Using a large real-world, nationwide, propensity score matched cohort, we found that Long COVID was associated with an increased risk of new onset of MHD. The increase was independent of demographics, lifestyle factors and major chronic medical conditions. These findings reinforce the importance of integrating mental health screening and services in the treatment and management of Long COVID to prevent related chronic diseases, suicidal ideations, suicide attempts and deaths.

Data availability statement

Data may be obtained from a third party and are not publicly available. Data are available from third-party partners 'TriNetX'.

Ethics statements

Patient consent for publication

Ethics approval

The protocol of this study was reviewed and received a determination of non-human subjects’ research by the Penn State Institutional Review Board. The individual informed consent requirement was waived for this secondary analysis of deidentified data.


Supplementary materials

  • Supplementary Data

    This web only file has been produced by the BMJ Publishing Group from an electronic file supplied by the author(s) and has not been edited for content.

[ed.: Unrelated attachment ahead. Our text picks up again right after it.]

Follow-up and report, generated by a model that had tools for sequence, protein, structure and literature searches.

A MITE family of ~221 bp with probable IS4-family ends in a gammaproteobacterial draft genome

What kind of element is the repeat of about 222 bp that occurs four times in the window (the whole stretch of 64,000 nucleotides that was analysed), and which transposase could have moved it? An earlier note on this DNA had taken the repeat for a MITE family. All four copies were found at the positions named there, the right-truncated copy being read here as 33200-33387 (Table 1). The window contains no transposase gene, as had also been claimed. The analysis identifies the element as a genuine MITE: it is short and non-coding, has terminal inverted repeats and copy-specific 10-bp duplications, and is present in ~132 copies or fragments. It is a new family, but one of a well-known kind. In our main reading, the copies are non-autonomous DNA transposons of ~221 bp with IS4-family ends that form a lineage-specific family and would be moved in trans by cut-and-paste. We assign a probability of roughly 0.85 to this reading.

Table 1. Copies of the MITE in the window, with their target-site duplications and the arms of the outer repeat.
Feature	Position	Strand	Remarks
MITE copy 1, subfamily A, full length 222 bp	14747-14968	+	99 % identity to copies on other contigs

• PS and DMB are joint senior authors.

  • Contributors Designed research (project conception, development of overall research plan): YZ and DMB. Data extraction and study oversight: DMB. Analysed data: YZ, PS and DMB. Performed statistical analysis: YZ and DMB. Wrote the first draft of the manuscript: YZ, PS and DMB. Review and editing: YZ, VMC, PS and DMB. All authors have read and approved the final manuscript. YZ and DB is the guarantor and takes full responsibility for the work and/or the conduct of the study, had access to the data, and controlled the decision to publish.